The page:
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I know there is a single line of a command and its arguments that can help display all computer IP addresses (those that are being used) on a LAN, and my computer is also a client, as one of those displayed, but I forgot. What is it?

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I don't think this is possible in such a generic way. –  theglauber Dec 20 '12 at 17:41
    
You would have to ping-scan the local subnet and then use the arp -a command listed below. –  cpt_fink Jan 18 at 7:08

4 Answers 4

ipconfig /all (use forward slash, not backwards)

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There is the net view /all command which will list all of the computer names that are connected to the same LAN.

From that you can retrieve the individual IP addresses using the nslookup <computer name> command or write a batch script to do it for you.

Here is an example batch I threw together to illustrate.

@echo off
setlocal EnableDelayedExpansion
set "xNext="
set "xComputer="
for /f %%A in ('net view /all') do (
    set "xComputer=%%~A"
    if "!xComputer:~0,2!"=="\\" for /f "tokens=2,* delims=. " %%X in ('nslookup %%A') do (
        if "!xNext!"=="1" (
            echo.!xComputer! = %%X.%%Y
            set "xNext=0"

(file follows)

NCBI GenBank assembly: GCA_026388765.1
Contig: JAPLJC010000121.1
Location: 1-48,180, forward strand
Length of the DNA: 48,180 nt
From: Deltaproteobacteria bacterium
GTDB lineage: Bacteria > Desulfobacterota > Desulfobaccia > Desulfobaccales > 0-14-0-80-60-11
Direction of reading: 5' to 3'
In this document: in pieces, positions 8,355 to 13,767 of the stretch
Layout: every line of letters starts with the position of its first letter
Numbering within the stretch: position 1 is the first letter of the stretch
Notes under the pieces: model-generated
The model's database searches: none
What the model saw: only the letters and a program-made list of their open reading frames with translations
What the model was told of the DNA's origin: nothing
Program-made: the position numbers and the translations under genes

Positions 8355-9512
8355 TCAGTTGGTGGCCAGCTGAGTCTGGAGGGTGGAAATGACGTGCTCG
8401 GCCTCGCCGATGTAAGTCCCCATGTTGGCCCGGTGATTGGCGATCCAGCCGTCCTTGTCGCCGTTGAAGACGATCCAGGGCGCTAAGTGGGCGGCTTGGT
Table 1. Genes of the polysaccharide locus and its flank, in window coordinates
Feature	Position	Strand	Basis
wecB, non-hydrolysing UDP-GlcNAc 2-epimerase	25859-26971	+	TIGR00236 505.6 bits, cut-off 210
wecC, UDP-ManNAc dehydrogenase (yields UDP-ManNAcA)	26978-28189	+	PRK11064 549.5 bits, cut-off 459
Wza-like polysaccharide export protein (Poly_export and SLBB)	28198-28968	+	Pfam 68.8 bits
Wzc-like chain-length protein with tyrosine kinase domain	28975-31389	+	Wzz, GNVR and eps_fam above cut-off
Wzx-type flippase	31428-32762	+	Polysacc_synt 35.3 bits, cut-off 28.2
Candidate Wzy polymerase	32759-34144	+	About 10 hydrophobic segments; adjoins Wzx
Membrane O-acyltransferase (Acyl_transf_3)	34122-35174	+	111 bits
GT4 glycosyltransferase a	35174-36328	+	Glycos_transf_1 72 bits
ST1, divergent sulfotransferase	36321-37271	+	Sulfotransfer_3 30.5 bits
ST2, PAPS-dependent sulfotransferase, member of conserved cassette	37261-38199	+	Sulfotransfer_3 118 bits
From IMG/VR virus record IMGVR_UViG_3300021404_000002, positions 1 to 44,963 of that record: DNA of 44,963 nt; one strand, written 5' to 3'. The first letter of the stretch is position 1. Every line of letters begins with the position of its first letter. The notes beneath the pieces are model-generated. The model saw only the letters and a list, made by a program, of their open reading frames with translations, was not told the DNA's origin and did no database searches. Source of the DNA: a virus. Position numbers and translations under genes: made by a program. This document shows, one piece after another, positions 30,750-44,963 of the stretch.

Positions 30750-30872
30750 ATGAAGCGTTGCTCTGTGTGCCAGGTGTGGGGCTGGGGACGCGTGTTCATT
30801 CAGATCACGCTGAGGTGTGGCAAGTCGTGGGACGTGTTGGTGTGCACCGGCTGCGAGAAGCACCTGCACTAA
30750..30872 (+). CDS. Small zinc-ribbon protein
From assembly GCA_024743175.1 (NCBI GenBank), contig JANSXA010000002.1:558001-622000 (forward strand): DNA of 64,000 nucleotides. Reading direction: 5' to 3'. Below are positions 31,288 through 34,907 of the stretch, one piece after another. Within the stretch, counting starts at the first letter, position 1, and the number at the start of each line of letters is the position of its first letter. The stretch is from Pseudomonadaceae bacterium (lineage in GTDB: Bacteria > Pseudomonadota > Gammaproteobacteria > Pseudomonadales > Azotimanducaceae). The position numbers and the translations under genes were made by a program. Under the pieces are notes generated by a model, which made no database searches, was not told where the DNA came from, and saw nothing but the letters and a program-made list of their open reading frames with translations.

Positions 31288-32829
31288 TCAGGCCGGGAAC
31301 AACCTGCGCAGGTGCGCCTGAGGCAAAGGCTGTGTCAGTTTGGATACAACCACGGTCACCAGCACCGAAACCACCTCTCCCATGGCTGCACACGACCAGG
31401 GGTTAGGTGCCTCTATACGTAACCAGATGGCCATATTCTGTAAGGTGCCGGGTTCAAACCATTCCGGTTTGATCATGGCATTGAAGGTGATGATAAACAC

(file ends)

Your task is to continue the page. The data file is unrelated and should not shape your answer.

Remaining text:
)
        if "!xComputer:~2!"=="%%~X" set "xNext=1"
    )
)
endlocal
pause
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You could do the arp -a command to show all ARP entries in the table about computers on your network.

Source

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It shows every system your computer is aware of/talked to - however, it may not be complete - I ran a quick experiment with arp -a and it didn't show one or two of my systems till I pinged it. –  Journeyman Geek Jan 18 at 5:46
    
Ya, like the link I posted said, it won't show everything unless it has them stored in the tables so so machines won't be shown but it does do a pretty good list. –  GigabitP Jan 18 at 17:35
    
Welcone to Stack Exchange, Gigabit Pony! When a link makes up most of your answer, you should always quote the important parts in case it dies later. See also the howto on writing good answers. –  Blacklight Shining Jan 23 at 4:09
echo ls %USERDNSDOMAIN%|nslookup
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4  
Welcome to SU. Can you please elaborate on what the command do? –  Martin Prikryl May 18 '13 at 8:29

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